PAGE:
A recent study has revealed that humanity came uncomfortably close to extinction roughly 900,000 years ago, with only 1,300 adults remaining in the entire human population.
The researchers believe that the population maintained these tiny numbers for at least 100,000 years.
For a long time, scientists have noticed how humans have far fewer genetic differences compared to other humans than is usual within a species. By knowing how long it usually takes for genes to mutate scientists are able to figure out how long ago any specific variation occurred in a population.
Scientists from the Chinese Academy of Sciences, Yi-Hsuan Pan and Haipeng Li used this model to figure out when humans entered this unvaried period of our evolution.
The team decided to focus solely on the genes that were not subject to positive selection or other evolutionary forces. This allowed them to avoid the huge amount of computing power calculations involving all genes would take as well as the problem of facts becoming less certain the further back in time they happened.
In this way, they were able to use the genomes of 3154 people, from 40 non-African and 10 African population groups. The number of genetic changes is affected by the population size and local history and gives clues as to what was happening at specific points in time. What they found was a decrease in population of 99% approximately 900,000 years ago. At one point there were only 1,280 humans capable of breeding on the planet.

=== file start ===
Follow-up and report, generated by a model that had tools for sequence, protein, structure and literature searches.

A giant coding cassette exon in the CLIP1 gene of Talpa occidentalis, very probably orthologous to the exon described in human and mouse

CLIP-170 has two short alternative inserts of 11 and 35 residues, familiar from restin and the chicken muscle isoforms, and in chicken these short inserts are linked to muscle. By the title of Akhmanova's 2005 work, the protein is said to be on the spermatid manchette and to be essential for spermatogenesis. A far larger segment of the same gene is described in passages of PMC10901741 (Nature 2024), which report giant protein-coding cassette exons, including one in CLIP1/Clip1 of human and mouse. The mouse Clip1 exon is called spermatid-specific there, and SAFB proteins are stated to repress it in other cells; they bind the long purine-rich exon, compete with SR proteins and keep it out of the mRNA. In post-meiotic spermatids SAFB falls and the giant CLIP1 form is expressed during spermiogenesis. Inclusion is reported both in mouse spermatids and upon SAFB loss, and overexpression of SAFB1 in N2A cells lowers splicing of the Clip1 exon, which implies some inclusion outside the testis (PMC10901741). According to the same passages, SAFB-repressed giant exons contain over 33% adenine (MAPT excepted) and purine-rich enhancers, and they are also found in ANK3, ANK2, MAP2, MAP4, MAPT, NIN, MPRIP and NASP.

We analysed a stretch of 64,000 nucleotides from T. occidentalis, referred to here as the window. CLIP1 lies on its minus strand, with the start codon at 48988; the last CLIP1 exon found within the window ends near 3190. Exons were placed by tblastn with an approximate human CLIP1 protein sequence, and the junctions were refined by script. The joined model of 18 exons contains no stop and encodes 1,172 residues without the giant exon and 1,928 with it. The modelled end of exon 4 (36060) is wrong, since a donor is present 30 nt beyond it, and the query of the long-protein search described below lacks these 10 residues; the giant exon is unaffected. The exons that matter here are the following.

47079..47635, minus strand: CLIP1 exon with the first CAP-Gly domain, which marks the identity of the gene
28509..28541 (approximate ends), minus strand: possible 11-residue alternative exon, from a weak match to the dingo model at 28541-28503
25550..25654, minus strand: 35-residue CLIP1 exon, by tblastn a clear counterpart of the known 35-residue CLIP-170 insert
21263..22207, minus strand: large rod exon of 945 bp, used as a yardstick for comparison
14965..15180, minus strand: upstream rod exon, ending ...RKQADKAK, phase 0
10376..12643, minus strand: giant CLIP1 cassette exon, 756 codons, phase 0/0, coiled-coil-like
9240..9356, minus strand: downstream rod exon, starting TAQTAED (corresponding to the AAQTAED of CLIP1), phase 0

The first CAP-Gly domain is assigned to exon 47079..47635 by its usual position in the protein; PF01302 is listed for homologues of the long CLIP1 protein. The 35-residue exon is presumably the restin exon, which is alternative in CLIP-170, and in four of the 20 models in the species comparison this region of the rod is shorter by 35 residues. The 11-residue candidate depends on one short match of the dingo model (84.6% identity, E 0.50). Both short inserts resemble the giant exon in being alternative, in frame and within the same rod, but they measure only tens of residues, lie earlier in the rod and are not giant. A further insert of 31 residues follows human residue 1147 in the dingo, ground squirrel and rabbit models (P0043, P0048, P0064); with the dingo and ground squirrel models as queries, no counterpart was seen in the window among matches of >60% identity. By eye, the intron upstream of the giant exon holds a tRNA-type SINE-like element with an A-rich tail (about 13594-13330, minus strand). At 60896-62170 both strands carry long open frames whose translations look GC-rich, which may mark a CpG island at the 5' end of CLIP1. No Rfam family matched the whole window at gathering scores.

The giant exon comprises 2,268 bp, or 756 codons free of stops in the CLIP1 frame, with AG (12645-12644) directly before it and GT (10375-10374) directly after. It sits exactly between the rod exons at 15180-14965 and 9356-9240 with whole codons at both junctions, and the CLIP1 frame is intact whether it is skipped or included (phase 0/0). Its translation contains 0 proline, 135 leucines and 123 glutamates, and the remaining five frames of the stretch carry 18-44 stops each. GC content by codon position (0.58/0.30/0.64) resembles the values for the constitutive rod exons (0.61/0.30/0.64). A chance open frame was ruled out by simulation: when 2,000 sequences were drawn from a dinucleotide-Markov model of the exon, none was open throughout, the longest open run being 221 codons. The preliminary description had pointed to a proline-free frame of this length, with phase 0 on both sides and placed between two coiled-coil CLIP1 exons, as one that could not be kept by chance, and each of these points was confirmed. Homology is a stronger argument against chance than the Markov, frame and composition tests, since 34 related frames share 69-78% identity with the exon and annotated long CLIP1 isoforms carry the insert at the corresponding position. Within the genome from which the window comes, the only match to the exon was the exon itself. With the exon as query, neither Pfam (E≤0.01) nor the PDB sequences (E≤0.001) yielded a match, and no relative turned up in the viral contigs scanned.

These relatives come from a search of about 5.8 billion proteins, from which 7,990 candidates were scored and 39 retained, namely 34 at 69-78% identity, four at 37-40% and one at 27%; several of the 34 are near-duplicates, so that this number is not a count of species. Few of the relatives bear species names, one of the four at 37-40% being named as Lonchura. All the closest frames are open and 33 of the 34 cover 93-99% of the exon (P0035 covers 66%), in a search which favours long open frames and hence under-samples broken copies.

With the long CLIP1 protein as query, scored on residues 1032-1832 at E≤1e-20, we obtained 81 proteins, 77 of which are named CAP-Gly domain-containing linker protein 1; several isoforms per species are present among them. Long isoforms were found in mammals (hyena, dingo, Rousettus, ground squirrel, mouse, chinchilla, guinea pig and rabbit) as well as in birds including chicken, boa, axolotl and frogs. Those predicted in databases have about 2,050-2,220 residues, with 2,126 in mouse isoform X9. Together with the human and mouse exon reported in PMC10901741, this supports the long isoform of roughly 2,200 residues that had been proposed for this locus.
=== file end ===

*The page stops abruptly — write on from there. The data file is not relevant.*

The research does not provide an answer to what caused this population apocalypse, although the researchers posited natural catastrophes such as droughts, or cooling water temperatures.
Were humans in risk of extinction? Not everyone agrees
Not all scientists agree with this conclusion, however. Janet Kelso, who studies computational biology at the Max Planck Institute for Evolutionary Anthropology, has questioned the findings.
She noted that the evidence for a population collapse is distinct only in the African populations studied, suggesting a more local cause. The conclusions, “though intriguing, should probably be taken with some caution and explored further,” she says.